7 things you want to know about Water Soluble coolants in #CNC machines

At D&L Industrial we often get asked about Water Soluble coolants and proper usage of them.  Here are some of the most frequently asked questions

 

1) At which concentration should I be running?

Master Chemical products are specifically designed to be used at a number of different concentrations. Each product and application will have an ideal concentration ratio for the metalworking fluid. The concentration will affect sump life, tool life, and surface finish. Master Chemical's Data and Information Sheets give examples of applications and their corresponding concentrations. Maintaining proper concentration is essential for efficient and trouble-free results from water-miscible cutting and grinding fluids. Master Chemical's Technical Service Laboratory estimates that well over 80% of the "trouble calls" received are directly or indirectly attributable to poor concentration control. Concentration control is difficult to achieve when the coolant is manually mixed in small batches and is virtually impossible to maintain when untrained operators mix coolant. The Systems Equipment Division carries a complete line of automatic proportioning equipment to maintain accurate coolant concentration control. (Fluid Mixers)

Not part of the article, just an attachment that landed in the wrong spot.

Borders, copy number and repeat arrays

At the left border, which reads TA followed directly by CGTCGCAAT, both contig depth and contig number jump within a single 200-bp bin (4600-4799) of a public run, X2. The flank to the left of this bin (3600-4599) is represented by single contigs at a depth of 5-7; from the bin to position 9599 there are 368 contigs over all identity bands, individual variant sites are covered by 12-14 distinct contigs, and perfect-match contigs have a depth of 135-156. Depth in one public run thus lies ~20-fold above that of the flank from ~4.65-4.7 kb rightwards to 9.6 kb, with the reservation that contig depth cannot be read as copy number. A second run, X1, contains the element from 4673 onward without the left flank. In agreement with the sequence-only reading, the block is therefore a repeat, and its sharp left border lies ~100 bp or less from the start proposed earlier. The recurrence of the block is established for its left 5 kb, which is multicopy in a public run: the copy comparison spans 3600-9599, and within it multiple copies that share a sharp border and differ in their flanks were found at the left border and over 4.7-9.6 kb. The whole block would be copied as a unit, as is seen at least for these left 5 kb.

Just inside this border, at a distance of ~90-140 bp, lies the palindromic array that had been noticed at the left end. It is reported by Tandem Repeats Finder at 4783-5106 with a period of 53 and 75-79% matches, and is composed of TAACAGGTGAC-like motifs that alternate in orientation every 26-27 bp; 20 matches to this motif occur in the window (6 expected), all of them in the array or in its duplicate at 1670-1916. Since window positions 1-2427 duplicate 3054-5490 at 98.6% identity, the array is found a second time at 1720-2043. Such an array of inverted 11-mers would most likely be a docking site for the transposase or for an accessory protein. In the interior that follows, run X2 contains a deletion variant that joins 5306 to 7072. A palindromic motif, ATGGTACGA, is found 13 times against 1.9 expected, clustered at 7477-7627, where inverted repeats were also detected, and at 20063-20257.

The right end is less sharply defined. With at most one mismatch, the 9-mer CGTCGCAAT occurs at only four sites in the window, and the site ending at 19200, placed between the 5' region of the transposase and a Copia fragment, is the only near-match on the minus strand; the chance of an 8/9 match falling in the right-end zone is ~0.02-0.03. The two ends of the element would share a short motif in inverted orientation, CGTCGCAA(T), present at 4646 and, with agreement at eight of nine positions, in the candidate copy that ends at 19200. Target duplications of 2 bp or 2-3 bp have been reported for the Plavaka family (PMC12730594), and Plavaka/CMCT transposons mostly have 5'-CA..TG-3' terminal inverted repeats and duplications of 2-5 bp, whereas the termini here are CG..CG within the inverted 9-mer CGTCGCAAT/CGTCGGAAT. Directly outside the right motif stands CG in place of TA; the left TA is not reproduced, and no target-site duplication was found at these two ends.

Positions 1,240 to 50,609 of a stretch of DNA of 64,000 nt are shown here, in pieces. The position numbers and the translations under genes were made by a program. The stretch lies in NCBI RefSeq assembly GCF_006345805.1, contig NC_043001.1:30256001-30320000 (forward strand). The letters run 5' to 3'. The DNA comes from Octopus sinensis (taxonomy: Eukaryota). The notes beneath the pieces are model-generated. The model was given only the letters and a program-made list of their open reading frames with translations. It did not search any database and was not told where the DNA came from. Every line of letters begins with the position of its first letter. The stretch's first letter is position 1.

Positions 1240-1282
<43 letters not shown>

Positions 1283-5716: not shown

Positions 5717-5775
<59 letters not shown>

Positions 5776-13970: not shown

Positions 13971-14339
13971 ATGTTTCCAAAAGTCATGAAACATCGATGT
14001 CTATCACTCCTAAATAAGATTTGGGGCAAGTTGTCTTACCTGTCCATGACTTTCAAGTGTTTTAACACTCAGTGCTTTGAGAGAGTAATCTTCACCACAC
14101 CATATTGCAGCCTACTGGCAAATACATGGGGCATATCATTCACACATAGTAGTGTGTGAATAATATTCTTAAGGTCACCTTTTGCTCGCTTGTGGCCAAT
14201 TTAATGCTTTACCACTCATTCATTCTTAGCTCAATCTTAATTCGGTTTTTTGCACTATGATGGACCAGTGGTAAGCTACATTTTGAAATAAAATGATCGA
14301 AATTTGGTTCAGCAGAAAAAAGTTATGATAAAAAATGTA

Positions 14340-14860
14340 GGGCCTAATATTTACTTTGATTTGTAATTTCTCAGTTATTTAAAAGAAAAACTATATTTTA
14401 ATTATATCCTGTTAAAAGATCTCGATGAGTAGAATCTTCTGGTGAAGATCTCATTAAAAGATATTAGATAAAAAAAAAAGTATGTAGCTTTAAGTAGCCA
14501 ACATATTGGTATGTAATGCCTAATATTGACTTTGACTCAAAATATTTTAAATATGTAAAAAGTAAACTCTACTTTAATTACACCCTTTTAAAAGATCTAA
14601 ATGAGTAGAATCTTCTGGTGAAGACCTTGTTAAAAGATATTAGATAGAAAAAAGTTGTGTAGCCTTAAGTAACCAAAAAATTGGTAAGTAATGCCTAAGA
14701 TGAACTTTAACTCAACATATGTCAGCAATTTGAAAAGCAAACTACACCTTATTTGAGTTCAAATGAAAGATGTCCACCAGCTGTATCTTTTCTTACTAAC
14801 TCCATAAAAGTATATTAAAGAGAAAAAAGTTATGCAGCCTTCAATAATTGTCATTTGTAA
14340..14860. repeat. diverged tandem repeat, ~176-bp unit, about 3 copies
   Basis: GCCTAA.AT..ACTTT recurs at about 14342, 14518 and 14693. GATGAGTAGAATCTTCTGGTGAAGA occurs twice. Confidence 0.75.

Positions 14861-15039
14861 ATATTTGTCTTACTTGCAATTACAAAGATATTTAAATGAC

2) What is "makeup" concentration?
When water miscible coolants are used in machining and grinding operations the volume of fluid in the coolant sump decreases due to the physical loss of the fluid (fluid is carried off on chips and parts) and water evaporates because it absorbs heat generated in the machining or grinding operation. Proper operation requires that the fluid level is maintained at some minimum level and so "makeup fluid" must be added to replenish coolant carried out on chips and parts. Since the loss of water by evaporation causes the fluid in the sump to increase in concentration the "makeup fluid" will always be mixed at the same concentration less that of the recommended operating concentration. For example, if an emulsion coolant is to be run at 5% volume to water then the "makeup" concentration for that fluid will generally be 2.5-3.0%. Check your product data and information sheets for recommended working and "makeup" concentrations.

3) What is a refractometer factor?
The refractometer factor is used in determining concentration of a metalworking fluid. Each Master Chemical product has a refractive index factor for determining concentration. Consult the Data and Information Sheet for product specific refractive index factors. Multiply the refractive index (refractometer reading) by the refractometer factor and the result is the concentration of the working solution in percent. (The factor for most emulsion fluids is 1.0 so that the refractive index is the fluid concentration.)


4) Why does my coolant have an unpleasant smell?